Senate bill distances sex offenders from children

CARSON CITY — The Nevada Senate voted unanimously Saturday for a bill that will prevent certain sex offenders from living within 1,000 feet of a school or other place where children gather.

SB471, which moves on to the Assembly for final action, also mandates that sex offenders who move to Nevada must provide a DNA sample to authorities. It creates a system for GPS monitoring sex offenders.

The bill’s distance requirements originally were in another bill pushed by Senate Minority Leader Dina Titus, D-Las Vegas. Most states have established some type of distance requirements and, without them, Nevada is at risk of becoming a haven for sexual predators, Titus said.

The DNA provision was pushed by Gov. Jim Gibbons. Titus and Gibbons both introduced GPS monitoring plans.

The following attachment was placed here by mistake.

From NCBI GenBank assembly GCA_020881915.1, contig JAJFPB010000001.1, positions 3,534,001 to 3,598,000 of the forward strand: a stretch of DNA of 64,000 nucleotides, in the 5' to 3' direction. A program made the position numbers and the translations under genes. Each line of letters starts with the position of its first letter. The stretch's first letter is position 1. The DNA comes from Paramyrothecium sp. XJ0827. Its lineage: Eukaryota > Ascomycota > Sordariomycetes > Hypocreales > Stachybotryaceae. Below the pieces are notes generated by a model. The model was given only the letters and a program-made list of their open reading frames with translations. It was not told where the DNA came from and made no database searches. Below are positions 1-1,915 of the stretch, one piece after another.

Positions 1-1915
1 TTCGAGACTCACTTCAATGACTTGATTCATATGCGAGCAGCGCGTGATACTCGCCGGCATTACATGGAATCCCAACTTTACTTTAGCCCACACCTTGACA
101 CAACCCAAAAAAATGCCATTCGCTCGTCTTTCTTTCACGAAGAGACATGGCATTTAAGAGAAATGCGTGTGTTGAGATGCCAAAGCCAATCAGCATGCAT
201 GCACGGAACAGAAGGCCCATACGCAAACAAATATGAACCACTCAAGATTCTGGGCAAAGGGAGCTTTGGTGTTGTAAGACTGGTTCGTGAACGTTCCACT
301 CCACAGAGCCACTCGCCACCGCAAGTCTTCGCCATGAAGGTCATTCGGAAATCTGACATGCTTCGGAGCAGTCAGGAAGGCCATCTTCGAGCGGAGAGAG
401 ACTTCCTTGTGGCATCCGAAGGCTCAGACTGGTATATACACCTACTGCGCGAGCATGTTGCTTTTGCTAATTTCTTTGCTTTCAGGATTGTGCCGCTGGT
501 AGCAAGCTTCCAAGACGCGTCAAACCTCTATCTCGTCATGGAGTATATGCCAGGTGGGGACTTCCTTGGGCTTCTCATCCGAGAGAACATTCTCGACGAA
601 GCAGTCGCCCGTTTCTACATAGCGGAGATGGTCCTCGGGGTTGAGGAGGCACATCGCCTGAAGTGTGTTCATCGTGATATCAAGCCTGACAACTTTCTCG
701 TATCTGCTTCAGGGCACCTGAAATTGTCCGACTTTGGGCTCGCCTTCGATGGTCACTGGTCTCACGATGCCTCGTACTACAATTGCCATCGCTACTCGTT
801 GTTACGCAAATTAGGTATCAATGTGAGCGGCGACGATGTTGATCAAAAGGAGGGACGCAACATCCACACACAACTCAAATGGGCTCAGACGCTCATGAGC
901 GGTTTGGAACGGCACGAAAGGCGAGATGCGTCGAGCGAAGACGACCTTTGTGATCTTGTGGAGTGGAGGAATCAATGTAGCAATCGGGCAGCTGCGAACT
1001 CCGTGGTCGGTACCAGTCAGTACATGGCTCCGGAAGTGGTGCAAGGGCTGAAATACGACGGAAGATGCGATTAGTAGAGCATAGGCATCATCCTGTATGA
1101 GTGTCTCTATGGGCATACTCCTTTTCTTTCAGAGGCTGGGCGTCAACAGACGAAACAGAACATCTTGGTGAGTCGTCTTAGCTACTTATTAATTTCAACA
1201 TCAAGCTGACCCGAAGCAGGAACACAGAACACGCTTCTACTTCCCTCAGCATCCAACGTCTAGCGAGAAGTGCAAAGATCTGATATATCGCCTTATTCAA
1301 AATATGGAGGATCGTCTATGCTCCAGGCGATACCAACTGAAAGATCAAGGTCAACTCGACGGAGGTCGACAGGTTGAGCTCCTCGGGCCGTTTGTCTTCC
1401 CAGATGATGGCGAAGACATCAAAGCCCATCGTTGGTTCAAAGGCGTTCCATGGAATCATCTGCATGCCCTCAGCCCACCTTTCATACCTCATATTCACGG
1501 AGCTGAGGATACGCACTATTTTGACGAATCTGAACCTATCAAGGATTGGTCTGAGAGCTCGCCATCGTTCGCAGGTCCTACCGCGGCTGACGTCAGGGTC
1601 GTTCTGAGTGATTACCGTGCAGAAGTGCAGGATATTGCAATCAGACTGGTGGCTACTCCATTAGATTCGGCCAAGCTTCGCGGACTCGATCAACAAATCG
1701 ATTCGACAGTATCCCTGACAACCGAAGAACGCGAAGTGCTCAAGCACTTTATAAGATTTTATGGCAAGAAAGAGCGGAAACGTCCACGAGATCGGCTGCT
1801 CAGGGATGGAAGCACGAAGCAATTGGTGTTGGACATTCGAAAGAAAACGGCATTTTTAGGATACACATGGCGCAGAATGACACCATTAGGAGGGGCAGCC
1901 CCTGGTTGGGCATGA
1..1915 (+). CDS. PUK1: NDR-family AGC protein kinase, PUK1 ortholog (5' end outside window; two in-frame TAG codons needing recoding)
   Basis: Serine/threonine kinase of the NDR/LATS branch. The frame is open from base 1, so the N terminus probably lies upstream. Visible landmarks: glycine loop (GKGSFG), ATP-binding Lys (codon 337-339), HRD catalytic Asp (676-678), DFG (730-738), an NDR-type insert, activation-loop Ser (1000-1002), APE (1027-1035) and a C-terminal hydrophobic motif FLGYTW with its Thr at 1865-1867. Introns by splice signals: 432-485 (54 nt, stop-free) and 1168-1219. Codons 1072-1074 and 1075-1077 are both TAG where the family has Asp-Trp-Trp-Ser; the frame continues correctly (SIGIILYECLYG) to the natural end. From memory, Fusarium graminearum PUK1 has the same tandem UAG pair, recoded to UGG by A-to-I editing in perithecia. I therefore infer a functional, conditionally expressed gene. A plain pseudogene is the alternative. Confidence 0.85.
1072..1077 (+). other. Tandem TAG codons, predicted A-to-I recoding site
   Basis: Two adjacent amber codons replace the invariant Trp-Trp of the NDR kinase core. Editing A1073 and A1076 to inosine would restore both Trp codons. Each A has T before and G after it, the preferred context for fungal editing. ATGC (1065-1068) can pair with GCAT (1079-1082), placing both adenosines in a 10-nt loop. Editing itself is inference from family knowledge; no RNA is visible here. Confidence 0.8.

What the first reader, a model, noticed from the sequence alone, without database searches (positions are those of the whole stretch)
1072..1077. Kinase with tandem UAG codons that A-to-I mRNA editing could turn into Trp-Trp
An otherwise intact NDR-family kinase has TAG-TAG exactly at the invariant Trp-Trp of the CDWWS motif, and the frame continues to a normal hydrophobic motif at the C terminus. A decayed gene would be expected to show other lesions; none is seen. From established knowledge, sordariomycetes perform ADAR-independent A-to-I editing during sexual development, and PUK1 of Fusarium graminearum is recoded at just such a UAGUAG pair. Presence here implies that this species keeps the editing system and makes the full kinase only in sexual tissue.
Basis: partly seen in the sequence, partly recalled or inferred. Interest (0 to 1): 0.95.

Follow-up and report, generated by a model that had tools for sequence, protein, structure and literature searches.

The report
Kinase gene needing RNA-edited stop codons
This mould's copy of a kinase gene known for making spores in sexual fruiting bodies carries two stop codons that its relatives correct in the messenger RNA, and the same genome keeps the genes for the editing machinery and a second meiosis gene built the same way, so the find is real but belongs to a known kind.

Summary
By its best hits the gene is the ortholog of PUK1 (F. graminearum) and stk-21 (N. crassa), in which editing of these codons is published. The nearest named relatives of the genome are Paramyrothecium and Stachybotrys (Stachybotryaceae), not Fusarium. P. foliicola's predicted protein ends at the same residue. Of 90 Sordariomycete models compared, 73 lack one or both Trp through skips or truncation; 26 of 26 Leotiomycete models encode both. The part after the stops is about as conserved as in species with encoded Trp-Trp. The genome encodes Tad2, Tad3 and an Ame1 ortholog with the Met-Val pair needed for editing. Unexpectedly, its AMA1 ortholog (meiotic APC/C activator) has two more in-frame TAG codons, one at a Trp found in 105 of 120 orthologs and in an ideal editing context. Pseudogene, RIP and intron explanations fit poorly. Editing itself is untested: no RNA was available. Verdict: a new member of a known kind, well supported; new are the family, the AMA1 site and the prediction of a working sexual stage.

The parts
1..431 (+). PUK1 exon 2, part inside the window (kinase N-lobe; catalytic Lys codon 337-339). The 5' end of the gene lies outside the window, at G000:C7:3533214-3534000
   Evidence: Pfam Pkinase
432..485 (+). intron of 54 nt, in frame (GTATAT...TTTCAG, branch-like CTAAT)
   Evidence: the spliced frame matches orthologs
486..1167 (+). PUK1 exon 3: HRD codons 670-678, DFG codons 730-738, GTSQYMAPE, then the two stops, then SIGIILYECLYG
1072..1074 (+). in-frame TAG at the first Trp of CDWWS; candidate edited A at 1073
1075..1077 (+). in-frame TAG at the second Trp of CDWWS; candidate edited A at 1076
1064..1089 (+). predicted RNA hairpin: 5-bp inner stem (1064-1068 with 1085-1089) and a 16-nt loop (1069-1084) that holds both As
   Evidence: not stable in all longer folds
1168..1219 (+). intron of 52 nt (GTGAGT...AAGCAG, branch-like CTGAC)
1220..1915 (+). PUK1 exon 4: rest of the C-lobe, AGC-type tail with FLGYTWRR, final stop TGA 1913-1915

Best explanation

The distance requirements only affect “tier-three” offenders, who have committed serious crimes against children. Such offenders who live within the 1,000-foot perimeter would have to move at their expense.

The restricted locations include parks, arcades, school bus stops, day care facilities, and amusement parks. The offenders also must avoid knowingly being within 500 feet of those locations.

Because of the expense of GPS monitoring, those provisions will be phased in as a pilot program. Offenders would have to pay for their own monitoring costs, if they can do so.

During debate on distance requirements, lawmakers deleted part of the bill that would have kept suspects from pleading “no contest.” Prosecutors said that mandate would prevent offenders from cutting deals sometimes necessary when victims are reluctant to testify.

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